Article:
Made in Italy?

The majority of Tunisian olive oil is exported in bulk to Italy, where it is mixed and bottled, and sold as “made in Italy.” This exposes one of the great paradoxes of the Italian position. Despite the howls of protest from some quarters, Italian producers can make healthy profits by bottling and branding cheap imports from Tunisia and Greece.

But “made in Tunisia” exports are on the rise — some 20,000 tons of oil bottled in Tunisia were shipped across the world last year, compared to a mere 400 tons 10 years ago.

Les Moulins Mahjoub, the family business run by Abdelwahab and his two brothers, was one of the first to export under their own brand. Their olive oil is now found in the United States, Canada and the bakery restaurant chain Le Pain Quotidien. “We opened the door to others,” Abdelwahab said proudly. “Now 10 percent is exported under the producers’ own label.”

The government, too, is keen to put Tunisian olive oil on the map, though it still faces stiff competition from Italy, Greece and Spain. Tunisia’s advantage over the three giants is that the production process across the country is more or less organic: unlike in European countries, Tunisian growers use little machinery and rarely resort to pesticides.

“In theory, the whole production of Tunisia can be converted to organic,” said Walid Gaddas, who advises the Tunisian government on promoting locally made olive oils. “It is entirely natural. Even the harvest is collected by hand.”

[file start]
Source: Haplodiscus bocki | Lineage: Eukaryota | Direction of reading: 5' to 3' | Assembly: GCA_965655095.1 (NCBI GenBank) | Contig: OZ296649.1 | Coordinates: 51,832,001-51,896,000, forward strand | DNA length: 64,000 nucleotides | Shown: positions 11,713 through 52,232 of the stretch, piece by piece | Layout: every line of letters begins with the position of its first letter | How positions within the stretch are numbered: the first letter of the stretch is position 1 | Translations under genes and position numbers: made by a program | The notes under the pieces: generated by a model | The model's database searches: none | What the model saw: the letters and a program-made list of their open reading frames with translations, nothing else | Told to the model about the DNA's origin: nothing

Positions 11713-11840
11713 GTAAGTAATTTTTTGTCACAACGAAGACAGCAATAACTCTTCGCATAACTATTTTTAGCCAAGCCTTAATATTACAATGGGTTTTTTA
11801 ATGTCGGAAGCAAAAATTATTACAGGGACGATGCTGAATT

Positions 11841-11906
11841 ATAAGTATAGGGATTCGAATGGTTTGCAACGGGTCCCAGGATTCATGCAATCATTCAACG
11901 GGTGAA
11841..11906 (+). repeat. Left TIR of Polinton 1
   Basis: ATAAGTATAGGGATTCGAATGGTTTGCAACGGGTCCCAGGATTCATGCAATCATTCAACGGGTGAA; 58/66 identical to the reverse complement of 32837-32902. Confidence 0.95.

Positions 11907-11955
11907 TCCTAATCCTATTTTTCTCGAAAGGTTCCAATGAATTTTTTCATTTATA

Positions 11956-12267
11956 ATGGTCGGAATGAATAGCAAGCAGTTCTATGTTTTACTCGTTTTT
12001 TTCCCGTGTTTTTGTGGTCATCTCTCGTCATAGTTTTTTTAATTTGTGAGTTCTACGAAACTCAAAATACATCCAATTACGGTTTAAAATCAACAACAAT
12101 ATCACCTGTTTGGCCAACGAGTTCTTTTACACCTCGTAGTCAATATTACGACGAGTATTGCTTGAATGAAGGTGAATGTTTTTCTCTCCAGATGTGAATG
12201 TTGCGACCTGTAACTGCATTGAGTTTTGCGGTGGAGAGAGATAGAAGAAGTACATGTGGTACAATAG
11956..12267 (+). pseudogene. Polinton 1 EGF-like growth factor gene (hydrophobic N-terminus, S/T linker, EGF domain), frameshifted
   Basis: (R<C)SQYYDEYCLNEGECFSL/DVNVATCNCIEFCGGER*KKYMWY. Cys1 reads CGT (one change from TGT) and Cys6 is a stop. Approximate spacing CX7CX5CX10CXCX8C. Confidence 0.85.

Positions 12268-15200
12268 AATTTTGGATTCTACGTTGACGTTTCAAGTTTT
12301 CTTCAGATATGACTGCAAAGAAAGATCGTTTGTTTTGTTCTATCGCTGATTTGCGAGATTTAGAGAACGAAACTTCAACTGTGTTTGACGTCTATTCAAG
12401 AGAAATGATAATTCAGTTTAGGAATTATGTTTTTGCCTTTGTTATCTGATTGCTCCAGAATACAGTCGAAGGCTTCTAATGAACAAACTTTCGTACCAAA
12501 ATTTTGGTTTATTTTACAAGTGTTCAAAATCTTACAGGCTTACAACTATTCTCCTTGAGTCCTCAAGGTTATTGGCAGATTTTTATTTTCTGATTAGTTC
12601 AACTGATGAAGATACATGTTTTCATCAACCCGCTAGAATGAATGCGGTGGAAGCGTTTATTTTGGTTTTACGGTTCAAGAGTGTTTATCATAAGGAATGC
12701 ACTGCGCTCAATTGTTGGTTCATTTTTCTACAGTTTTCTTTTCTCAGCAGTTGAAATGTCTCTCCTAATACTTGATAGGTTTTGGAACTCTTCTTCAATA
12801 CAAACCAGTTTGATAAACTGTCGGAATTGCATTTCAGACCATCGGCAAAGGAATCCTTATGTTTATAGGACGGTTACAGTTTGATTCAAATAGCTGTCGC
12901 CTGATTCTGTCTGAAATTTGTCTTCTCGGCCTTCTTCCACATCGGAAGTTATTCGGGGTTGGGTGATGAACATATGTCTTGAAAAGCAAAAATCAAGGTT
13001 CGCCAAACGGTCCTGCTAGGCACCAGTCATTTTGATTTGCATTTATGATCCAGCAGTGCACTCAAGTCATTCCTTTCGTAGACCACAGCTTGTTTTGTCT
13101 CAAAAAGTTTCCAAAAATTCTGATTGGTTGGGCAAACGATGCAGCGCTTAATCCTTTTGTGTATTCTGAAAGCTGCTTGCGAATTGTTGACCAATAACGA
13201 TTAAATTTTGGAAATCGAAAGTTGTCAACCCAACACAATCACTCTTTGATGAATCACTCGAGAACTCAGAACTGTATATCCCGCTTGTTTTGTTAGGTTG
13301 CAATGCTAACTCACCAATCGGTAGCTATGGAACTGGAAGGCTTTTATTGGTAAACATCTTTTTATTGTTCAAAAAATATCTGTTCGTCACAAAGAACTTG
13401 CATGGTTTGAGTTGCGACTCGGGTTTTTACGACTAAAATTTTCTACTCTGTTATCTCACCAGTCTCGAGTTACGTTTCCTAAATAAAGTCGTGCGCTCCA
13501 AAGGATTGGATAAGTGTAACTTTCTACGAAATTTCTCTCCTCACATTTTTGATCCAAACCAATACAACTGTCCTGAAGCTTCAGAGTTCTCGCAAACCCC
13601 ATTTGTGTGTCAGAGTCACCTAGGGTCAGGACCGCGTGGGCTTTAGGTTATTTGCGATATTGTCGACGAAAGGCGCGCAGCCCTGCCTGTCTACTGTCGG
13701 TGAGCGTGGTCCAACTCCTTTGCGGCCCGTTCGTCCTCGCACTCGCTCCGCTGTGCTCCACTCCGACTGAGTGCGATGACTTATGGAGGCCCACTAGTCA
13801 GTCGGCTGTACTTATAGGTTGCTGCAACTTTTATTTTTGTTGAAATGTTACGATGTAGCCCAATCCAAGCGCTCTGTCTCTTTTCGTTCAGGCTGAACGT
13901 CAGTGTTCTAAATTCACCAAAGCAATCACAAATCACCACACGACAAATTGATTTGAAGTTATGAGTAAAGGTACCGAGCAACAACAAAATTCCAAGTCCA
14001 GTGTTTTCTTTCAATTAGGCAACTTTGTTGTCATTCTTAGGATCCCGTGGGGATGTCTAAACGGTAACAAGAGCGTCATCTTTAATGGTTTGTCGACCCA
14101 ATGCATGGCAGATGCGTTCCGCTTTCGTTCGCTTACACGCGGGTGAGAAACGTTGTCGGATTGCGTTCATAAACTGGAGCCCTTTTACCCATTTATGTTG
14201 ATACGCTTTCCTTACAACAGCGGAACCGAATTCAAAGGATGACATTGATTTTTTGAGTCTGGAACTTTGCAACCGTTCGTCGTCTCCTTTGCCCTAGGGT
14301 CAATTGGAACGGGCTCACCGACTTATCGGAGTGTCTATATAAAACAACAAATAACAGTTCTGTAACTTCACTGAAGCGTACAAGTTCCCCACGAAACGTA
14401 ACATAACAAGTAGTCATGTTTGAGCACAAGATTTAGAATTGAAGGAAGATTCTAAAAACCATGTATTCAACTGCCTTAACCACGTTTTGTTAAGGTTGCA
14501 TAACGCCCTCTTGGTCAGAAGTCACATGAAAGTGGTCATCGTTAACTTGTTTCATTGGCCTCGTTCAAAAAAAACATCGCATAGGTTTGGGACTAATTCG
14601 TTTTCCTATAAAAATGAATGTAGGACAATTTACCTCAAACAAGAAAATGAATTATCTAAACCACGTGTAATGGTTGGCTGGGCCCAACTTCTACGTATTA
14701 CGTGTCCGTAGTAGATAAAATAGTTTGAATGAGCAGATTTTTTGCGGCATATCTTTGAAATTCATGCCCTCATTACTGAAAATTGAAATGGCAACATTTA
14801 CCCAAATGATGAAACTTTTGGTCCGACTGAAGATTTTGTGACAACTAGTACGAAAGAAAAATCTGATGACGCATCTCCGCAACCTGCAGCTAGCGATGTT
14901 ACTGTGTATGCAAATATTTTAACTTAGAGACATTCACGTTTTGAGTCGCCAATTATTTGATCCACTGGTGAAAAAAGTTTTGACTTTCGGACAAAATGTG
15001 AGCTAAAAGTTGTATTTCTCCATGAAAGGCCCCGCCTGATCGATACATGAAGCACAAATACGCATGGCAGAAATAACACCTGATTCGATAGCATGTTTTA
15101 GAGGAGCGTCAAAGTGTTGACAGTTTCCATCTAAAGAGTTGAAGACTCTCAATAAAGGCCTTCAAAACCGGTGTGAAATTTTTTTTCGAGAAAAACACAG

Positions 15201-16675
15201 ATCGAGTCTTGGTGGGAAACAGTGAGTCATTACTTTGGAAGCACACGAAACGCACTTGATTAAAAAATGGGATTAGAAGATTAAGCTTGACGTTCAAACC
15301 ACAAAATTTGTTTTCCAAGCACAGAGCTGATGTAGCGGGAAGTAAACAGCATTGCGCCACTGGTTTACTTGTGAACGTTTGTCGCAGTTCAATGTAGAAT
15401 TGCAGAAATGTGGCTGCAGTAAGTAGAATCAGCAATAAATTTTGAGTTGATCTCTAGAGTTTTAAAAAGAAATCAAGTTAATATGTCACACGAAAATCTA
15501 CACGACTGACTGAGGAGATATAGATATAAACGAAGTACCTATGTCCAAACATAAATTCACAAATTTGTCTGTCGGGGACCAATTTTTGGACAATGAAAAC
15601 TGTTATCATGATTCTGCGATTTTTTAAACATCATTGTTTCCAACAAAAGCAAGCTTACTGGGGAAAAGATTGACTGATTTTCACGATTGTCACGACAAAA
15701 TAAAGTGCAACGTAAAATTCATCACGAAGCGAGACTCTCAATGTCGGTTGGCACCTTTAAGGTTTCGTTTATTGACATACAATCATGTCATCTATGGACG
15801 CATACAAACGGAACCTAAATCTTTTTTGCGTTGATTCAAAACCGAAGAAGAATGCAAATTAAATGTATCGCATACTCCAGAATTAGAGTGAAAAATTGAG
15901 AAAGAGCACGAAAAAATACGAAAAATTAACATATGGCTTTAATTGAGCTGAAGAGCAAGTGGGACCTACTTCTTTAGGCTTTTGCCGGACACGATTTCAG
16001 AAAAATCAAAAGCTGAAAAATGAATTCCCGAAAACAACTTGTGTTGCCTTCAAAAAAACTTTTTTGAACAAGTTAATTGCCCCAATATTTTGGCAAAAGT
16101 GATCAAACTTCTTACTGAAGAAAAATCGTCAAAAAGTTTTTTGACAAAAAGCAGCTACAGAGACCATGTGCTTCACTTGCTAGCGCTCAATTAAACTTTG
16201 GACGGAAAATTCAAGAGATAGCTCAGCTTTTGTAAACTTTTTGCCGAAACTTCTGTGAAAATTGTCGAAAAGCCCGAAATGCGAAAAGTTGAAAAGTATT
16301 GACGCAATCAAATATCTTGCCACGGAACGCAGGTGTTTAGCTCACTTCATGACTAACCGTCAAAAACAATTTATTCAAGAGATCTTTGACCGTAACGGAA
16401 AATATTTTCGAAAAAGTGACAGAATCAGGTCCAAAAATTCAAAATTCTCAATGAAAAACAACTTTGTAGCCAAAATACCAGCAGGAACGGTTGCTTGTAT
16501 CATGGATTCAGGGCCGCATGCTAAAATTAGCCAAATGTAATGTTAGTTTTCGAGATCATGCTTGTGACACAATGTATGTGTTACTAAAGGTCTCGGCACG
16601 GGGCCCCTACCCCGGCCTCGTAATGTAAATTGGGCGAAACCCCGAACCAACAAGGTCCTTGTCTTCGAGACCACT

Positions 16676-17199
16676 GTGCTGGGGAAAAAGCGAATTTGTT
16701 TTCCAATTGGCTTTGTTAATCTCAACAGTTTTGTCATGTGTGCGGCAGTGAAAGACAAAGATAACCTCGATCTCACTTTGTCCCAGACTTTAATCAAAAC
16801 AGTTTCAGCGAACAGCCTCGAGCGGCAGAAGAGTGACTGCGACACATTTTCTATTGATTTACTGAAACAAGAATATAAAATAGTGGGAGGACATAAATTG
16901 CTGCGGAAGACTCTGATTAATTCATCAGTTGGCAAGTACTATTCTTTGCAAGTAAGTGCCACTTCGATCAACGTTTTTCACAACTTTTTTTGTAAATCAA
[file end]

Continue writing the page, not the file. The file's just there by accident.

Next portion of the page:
Driving off the motorway and onto the Mahjoubs’ 200-hectare estate near Tebourba, a scene unfolds that would not look out of place in Roman times: beside rows upon rows of gnarled olive trees, women plant garlic in the midday sun, while a man and a donkey drive furrows into the russet-colored earth.

Some tasks, such as fertilizing the ground, are still carried out by machines. But Majid Mahjoub, Abdelwahab’s younger brother, has plans to rid the production of machinery entirely. The brothers employ 200 people — mostly women, often three generations of the same family — and even more during harvest season.

But when I asked Majid about this year’s harvest, his expression darkens. This year, Tunisia has experienced an unusually long summer with little rain, leaving reservoirs empty. The nationwide water shortage has led to protests.

“It’s a catastrophic drought,” Majid said. Usually the fields are irrigated 24 hours a day, seven days a week this time of year. Forced to conserve water, the Mahjoubs had to reduce it to half a day, twice a week. “We might lose half the harvest.”

The agricultural sector is at nature’s mercy by definition, but to Majid, this year’s drought is a sign of things to come. “You know, we are living climate change,” he said. “When China or the U.S. don’t accept a climate deal, it hits countries like ours hard.”

But Gaddas, the government consultant, described the lack of rain as a freak occurrence, even though a study has found that drought fueled by climate change could cut in half Tunisia’s olive oil production by 2030.

In any case, Gaddas said, production was expected to be low this year, as olive trees bear less fruit every other year.

“Last year we got 350,000 tons of olive oil” — a record high — “so this year we will have a maximum of 100,000,” he said. “Demand keeps increasing. I’m not concerned about the future of Tunisian olive oil.”

After all, he added, the region had been growing olives for millennia: “In Cape Bon, in the northeast of Tunisia, there is a tree believed to be 2,500 years old,” Gaddas said. “And it’s still producing olives.”


Related posts

Comments are closed.